Last updated: 05:00 PM ET, Tue November 29 2016

Is Artificial Intelligence the Future of Airline Customer Service?

Travel Technology Paul Thompson November 29, 2016

Is Artificial Intelligence the Future of Airline Customer Service?

Photo courtesy of DigitalGenius

The use of artificial intelligence is become more and more present in our daily lives, often in cases where we aren’t even aware of it. In one recent adaptation, KLM Royal Dutch Airlines is implementing AI, and TravelPulse spoke with Mikhail Naumov, President of DigitalGenius, creator of KLM’s AI system.

TravelPulse: What is a typical customer question from a KLM passenger that would be responded to by the KLM AI bot?

Mikhail Naumov: KLM Royal Dutch Airlines uses bots for delivering of boarding passes, gate change notifications, etc. These are separate, and not built by DigitalGenius. These are keyword- or action-based automations that make it easier for customers to get valuable information pushed to their phone in time of need.

The partnership with DigitalGenius is about the implementation of an Artificial Intelligence layer directly into the customer service operation at KLM. This means that the agents handling over 100,000 messages per week over social channels (like Facebook and Twitter), have an AI tool helping them accomplish the goal of efficient and personalized customer service. The DigitalGenius deep learning model is trained on historical customer service logs, and provides agents with suggested responses, which the agents can personalize and send out to customers. The idea is to empower customer service agents with the best technology to help them create efficient and genuine experiences for customers.

TP: Could you please explain for the common airline passenger how AI benefits them from a Customer Service standpoint?

MN: Quite often a customer needs help from an airline quickly. For example, when a bag is lost or an urgent rebooking needs to be made. In these cases, the customer's message often sits in a message queue, waiting for an agent to get to it, once they get through the ever-increasing list of messages from other customers that pile up during the day. 

READ MORE: What Technology Will the 'Hotel of the Future' Have?

The addition of the DigitalGenius artificial intelligence layer allows agents to handle urgent cases faster, while still providing all customers with the personalized level of service the airline is known for. Being in the customers shoes is all about getting your questions answered and your problems solved quickly and in a pleasant personal way. In this case with DigitalGenius, the best agents are supported by the best technology to make that happen.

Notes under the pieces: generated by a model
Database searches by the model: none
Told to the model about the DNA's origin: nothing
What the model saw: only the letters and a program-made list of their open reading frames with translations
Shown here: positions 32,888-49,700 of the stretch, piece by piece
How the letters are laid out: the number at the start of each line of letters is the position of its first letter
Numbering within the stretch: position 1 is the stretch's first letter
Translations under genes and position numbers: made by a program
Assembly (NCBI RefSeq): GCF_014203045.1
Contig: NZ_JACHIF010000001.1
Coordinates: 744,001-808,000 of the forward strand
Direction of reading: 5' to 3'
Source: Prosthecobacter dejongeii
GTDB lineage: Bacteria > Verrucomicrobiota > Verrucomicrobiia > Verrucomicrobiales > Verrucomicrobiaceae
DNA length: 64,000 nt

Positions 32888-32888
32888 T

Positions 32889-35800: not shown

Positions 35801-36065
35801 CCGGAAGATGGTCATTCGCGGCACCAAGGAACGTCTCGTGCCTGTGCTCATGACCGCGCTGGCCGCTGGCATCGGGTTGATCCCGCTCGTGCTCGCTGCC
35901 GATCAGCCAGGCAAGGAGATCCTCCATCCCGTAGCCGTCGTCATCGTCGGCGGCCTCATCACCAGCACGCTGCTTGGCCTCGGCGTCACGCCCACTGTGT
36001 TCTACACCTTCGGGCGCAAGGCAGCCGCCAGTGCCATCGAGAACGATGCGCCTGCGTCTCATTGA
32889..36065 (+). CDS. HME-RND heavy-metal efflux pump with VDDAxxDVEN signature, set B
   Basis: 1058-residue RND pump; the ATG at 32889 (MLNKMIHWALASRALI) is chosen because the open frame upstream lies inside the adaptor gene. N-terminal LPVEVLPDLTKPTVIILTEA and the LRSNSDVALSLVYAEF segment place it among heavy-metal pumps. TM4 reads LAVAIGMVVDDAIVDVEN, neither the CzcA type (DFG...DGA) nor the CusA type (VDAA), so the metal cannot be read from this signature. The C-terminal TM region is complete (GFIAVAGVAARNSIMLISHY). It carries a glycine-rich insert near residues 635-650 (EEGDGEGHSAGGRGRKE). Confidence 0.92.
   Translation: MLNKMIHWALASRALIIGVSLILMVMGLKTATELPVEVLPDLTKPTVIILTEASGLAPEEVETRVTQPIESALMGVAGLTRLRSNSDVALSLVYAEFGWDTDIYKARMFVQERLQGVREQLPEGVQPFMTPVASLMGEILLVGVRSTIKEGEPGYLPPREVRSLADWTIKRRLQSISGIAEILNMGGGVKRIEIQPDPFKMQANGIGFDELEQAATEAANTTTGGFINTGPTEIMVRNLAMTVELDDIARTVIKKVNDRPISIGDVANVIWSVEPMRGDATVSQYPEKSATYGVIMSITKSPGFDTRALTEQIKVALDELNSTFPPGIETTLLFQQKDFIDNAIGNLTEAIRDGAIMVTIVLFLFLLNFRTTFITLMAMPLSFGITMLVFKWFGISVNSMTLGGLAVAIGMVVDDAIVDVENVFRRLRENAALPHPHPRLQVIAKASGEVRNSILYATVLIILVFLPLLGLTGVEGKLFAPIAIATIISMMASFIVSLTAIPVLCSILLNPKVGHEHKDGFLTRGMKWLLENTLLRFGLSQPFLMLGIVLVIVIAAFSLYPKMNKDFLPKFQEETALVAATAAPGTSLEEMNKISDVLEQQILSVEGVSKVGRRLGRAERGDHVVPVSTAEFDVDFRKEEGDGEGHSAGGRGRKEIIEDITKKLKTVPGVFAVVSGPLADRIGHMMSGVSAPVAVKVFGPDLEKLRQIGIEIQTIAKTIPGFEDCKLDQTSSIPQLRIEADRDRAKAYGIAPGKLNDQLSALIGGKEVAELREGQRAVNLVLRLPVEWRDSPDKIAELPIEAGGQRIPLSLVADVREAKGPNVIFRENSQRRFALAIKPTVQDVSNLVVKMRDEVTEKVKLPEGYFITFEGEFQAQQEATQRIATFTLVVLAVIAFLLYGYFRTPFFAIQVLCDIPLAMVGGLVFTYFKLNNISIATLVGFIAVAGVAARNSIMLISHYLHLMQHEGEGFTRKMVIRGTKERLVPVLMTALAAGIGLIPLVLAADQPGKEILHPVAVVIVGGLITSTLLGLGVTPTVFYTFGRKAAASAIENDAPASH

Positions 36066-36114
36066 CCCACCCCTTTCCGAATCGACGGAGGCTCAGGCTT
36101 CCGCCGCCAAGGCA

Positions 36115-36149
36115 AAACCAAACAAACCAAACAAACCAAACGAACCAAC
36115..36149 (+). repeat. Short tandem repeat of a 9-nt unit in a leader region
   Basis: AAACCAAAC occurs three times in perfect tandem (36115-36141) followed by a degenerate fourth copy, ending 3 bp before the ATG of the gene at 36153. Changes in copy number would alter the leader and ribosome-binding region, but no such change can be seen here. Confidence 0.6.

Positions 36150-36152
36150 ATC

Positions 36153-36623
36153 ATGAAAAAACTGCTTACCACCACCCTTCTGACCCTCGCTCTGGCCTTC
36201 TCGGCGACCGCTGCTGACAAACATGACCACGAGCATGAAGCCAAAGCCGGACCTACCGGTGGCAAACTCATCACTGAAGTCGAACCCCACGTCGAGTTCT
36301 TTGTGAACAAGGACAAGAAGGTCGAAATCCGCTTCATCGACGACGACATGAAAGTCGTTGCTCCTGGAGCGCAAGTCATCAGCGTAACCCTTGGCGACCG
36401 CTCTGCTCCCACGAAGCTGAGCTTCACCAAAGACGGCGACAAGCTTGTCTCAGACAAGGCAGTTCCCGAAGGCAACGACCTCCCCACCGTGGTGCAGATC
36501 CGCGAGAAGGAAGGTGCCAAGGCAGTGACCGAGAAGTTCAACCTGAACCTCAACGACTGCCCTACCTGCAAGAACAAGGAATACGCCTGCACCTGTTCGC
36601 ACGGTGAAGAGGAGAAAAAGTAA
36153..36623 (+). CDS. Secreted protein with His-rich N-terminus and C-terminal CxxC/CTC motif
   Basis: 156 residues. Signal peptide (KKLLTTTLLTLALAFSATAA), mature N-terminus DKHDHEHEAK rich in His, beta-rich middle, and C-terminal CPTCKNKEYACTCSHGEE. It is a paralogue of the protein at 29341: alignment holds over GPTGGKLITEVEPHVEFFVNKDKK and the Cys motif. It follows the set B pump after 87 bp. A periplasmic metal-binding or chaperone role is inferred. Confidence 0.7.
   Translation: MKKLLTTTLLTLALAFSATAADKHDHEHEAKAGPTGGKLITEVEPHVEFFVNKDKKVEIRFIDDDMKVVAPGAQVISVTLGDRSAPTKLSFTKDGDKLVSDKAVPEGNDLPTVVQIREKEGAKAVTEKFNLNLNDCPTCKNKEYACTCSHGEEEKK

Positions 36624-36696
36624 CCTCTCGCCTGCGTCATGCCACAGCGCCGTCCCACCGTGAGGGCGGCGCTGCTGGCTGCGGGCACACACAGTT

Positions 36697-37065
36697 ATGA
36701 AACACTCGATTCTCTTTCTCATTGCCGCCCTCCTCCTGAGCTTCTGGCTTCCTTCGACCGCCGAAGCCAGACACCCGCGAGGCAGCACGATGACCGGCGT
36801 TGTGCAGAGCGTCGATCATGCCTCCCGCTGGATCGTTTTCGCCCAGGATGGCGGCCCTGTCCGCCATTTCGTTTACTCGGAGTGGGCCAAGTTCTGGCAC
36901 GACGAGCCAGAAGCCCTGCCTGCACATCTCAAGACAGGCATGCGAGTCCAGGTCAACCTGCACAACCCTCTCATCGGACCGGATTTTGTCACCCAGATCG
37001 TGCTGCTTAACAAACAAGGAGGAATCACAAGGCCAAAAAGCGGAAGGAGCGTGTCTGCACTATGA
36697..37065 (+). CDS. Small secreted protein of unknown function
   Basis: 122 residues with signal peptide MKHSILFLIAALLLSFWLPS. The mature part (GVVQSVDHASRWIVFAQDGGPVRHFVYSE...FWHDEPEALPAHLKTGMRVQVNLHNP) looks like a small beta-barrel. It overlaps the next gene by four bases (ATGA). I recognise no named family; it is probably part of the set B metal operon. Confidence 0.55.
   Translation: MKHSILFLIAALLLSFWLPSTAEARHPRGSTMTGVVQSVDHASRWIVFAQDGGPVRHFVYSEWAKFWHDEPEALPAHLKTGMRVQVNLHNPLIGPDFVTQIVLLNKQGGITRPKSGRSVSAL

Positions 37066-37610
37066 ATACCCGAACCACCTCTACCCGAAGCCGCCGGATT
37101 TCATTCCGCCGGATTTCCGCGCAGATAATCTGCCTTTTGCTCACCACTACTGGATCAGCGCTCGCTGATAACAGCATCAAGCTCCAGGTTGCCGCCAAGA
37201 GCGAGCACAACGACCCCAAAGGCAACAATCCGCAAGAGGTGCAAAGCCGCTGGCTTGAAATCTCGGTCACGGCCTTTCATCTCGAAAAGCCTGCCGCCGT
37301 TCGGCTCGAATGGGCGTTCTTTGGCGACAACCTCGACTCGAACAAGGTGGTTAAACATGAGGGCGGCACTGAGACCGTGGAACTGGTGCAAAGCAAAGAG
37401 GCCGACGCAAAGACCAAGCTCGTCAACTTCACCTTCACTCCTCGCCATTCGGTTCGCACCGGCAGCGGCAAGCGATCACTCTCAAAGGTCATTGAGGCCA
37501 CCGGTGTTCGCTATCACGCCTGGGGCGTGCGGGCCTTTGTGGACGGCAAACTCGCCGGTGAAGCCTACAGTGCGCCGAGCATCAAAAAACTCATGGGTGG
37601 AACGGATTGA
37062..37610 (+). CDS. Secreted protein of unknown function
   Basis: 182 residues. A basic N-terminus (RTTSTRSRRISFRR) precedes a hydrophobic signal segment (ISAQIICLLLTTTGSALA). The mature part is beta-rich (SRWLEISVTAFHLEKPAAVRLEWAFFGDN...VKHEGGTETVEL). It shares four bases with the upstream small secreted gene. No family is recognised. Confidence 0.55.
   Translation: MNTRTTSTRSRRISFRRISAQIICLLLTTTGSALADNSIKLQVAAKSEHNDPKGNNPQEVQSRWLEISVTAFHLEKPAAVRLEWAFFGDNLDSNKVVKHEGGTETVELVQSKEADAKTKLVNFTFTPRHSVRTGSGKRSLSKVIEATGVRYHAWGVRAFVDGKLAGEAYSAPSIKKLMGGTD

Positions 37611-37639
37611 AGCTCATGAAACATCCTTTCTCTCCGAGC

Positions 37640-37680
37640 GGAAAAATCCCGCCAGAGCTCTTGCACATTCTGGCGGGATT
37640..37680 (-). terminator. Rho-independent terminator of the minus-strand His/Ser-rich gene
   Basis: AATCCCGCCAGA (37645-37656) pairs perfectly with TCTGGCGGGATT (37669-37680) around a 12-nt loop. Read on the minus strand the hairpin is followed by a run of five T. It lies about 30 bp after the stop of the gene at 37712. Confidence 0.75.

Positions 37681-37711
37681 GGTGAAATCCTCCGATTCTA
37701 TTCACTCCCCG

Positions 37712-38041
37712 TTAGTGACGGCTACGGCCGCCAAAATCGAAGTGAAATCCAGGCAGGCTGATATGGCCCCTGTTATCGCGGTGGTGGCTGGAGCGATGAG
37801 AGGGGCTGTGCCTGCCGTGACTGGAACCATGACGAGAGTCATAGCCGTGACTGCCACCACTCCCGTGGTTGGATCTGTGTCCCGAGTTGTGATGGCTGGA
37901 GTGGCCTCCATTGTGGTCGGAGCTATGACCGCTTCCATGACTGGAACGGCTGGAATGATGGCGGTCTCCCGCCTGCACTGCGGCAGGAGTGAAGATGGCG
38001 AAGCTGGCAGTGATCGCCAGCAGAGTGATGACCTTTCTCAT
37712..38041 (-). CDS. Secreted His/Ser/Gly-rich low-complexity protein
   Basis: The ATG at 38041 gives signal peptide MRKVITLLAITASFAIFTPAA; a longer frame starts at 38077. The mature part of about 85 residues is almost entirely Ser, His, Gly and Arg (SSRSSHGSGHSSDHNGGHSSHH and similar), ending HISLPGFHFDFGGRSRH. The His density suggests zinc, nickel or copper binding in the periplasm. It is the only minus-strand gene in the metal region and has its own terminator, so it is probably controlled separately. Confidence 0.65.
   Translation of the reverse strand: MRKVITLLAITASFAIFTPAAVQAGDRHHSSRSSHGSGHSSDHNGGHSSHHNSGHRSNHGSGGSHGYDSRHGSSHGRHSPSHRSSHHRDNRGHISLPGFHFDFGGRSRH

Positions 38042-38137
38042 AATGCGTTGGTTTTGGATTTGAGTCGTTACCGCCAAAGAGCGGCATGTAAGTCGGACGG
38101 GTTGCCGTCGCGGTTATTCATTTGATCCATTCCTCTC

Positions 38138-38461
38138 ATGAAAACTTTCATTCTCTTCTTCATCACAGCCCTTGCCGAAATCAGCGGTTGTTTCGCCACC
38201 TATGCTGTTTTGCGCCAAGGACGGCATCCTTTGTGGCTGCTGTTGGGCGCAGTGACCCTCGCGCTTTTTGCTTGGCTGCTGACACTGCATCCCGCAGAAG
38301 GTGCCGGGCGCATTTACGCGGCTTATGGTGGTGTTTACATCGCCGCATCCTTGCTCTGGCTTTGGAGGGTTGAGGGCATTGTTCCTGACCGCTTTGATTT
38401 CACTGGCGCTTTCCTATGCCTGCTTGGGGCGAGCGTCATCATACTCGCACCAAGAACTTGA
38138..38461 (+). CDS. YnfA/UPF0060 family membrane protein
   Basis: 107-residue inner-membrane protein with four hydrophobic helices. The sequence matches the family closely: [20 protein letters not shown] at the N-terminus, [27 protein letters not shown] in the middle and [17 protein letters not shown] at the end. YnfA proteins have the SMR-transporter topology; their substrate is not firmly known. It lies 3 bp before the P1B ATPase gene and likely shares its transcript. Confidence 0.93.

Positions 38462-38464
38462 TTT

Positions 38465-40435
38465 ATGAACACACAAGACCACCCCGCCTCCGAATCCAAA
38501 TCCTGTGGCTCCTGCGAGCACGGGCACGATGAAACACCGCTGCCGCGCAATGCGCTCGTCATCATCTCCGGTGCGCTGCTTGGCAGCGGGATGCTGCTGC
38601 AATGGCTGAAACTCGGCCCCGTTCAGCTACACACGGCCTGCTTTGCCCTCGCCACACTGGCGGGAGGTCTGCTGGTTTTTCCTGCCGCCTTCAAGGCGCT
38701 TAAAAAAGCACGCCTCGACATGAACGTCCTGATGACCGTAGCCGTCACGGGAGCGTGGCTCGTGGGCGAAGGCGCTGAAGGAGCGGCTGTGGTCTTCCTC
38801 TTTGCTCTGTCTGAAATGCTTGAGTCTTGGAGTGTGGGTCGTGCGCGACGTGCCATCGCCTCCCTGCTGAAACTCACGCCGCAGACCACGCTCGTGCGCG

TP: What is the benefit for KLM to use AI when handling customer questions?

MN: KLM Royal Dutch Airlines is known as the most innovative airline, especially when it comes to customer service. By using artificial intelligence, they are getting ahead of the curve, and creating ways to help their customers faster and in more personal ways. By unlocking the time agents usually spend searching for answers, or performing other manual repetitive tasks — KLM enables their agents to focus on delivering an even more personal approach and resolution.

TP: To what level can KLM's AI work for a customer? Is it capable of reservation booking, seat selection? What about of they need a hotel or rental car when they arrive, can that all be handled?

MN: The AI is there to support the agent and the customer. Having been trained on historical customer service logs, it is capable of analyzing questions of all varieties. However, when it comes to taking complex actions, such as booking a hotel which is unrelated to the airline, the system will assist the human agent in finding the best ways to do so according to the brand's policy.

Singapore airlines also uses AI, but in a different way. They work with a company called RocketFuel to help them target potential customers in the UK, based on their online behavior. They began doing this in late 2014.

Even low-cost carriers are getting into AI usage. British airline EasyJet uses AI for their revenue management strategy, matching flight frequencies to demand, as well as onboard catering needs, which could lead to potential increases in ancillary revenue.

KLM is certainly innovative. This summer, they painted a brand-new Boeing 777 in a special orange and blue paint scheme, based on a Photoshopped image that received a huge positive response on social media last year — but this only goes to prove that they are in tune to their customers, and are listening to them in every possible space. And while the use of AI may seem foreign to many, its use is unavoidable if airlines are to encounter as many customers as quickly as possible.